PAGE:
The New Zealand Government has invested $232 million to boost jobs and opportunities in the primary industries sector, including horticulture, as part of budget 2020.
Agriculture Minister Damien O’Connor says it will support 10,000 people into jobs, especially at a time where the population begins its recovery from COVID-19.
“This is a significant investment which will grow and transform the primary sector," he said. “Together, as a nation, we are rebuilding from an economic shock not seen since the Great Depression. But there is a clear path through and the Government is committed to getting New Zealand working again. There are significant employment opportunities in our primary industries and we’re going to be training people to have the skills they need for the jobs we have. There are a lot of opportunities in front of us, we now need a skilled workforce to help us seize them."
The initiative aims to place at least 10,000 New Zealanders in primary sector jobs by rapidly retraining and absorbing workers displaced from other sectors like hospitality and aviation. At the same time, the Government is investing $1.6 billion in trades and apprenticeships training.
HortNZ Chief Executive, Mike Chapman said there are some fantastic career opportunities in horticulture.
‘This is thanks to increasing sophistication across plant varieties, growing techniques, harvesting practices, and sales and marketing. Within these areas, there are an infinite variety of roles, from hands-on, to technical to management," he said. "We’re really keen to see as many kiwis as possible join horticulture as part of New Zealand’s economic and social recovery. At the same time, we will still need skilled workers from the Pacific under the Recognised Seasonal Employer (RSE) scheme, particularly as we will not have the backpacker community to fill gaps. The RSE scheme has played a key role in our industry’s expansion over the past decade, which in turn, has created hundreds of jobs for kiwis. We do not see that situation changing."
The Budget will also fund new interim Level 3B Post Entry Quarantine (PEQ) greenhouse units providing secure containment for new imported plant varieties and breeding material that require testing for high-impact pests. This will enable the introduction of imported plant material for the horticulture sector to develop new and innovative high-value crops and cultivars.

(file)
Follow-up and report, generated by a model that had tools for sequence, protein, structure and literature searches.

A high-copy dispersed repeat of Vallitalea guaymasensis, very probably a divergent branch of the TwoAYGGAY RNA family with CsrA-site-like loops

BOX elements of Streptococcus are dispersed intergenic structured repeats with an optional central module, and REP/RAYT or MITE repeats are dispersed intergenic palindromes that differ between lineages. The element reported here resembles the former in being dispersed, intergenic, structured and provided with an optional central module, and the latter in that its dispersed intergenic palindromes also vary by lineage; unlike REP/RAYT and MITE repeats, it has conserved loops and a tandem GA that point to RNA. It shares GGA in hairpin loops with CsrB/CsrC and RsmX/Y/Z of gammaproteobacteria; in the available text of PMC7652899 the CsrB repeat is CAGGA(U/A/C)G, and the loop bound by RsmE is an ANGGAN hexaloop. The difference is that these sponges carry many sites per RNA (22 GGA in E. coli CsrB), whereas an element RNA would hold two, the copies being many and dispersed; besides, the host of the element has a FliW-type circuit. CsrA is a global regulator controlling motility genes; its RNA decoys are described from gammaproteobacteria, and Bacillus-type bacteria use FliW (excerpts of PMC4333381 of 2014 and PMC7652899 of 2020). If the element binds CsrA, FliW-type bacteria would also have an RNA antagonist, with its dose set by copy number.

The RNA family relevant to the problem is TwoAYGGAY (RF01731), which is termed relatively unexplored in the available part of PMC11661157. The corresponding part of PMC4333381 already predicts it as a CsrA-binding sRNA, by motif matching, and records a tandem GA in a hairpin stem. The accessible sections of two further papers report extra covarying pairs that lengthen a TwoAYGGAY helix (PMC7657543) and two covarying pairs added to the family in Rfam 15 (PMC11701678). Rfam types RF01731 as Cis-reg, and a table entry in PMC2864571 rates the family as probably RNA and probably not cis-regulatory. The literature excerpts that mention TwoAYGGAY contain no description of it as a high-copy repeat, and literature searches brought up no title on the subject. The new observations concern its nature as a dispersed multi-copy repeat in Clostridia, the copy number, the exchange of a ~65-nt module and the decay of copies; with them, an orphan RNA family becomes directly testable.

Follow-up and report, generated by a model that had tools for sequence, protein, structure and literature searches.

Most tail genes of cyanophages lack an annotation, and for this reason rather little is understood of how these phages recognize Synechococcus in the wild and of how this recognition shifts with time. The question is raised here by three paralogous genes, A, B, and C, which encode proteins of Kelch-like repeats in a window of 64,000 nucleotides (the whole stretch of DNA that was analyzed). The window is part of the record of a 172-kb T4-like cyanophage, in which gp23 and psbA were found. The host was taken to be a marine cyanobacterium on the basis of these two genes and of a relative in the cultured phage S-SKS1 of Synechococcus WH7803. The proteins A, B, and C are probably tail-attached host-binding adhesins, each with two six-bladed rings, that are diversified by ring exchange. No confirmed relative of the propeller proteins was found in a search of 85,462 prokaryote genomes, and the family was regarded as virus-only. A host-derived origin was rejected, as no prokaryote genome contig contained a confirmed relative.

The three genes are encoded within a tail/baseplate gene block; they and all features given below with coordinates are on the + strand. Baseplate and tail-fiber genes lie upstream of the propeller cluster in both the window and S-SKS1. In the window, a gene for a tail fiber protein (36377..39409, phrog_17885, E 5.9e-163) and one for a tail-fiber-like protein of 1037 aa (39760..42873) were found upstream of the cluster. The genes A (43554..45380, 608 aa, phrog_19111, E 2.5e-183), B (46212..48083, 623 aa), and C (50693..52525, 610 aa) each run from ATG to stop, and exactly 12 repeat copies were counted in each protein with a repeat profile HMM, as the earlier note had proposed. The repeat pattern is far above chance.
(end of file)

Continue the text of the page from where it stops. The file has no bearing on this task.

“The Government is investing $38.5 million over four years to ensure the horticulture sector can grow and stay ahead of international competitors with access to safe plant breeding material and a focus on reaching new markets," he said. "On top of this, $6.8 million will provide secure greenhouse units for new imported plant varieties and breeding material. “This will help the high-performing sector to develop innovative high-value crops and cultivars while protecting New Zealand from high impact pests."
The Government is also setting aside $14.9 million over two years to redirect food from the primary sector, that would otherwise be wasted, to those in need.
HortNZ says that COVID-19 has shone a light on food security in New Zealand and the importance of ensuring every New Zealand has enough fresh, healthy food to eat. However, it believes there is still work to do to increase the Government’s understanding of the impact of central and regional government decisions on growers’ ability to grow produce and get it to market, with minimal environmental impact. One of the initiatives is expanding the school lunch programme so that 200,000 more children will get a free lunch every day, by the middle of next year, with the programme creating around 2,000 new jobs.
“COVID-19 has hit vulnerable communities the hardest and some families are struggling to put food on the table," Mr O'Connor said. "We’re scaling up school and community programmes with an additional 100,000 fruit and vegetable boxes to children over 10 weeks. We’re also investing in the development of digital platforms to enable other novel solutions to connect food with consumers.
Budget 2020 also provided additional funding for the Agriculture Production Statistics Programme. It will purchase a further year's collection of agricultural statistics from Statistics New Zealand, which the Ministry for Primary Industries (MPI) uses to inform decisions on trade negotiations, policy development and economic forecasting.
Full details can be found at www.budget.govt.nz/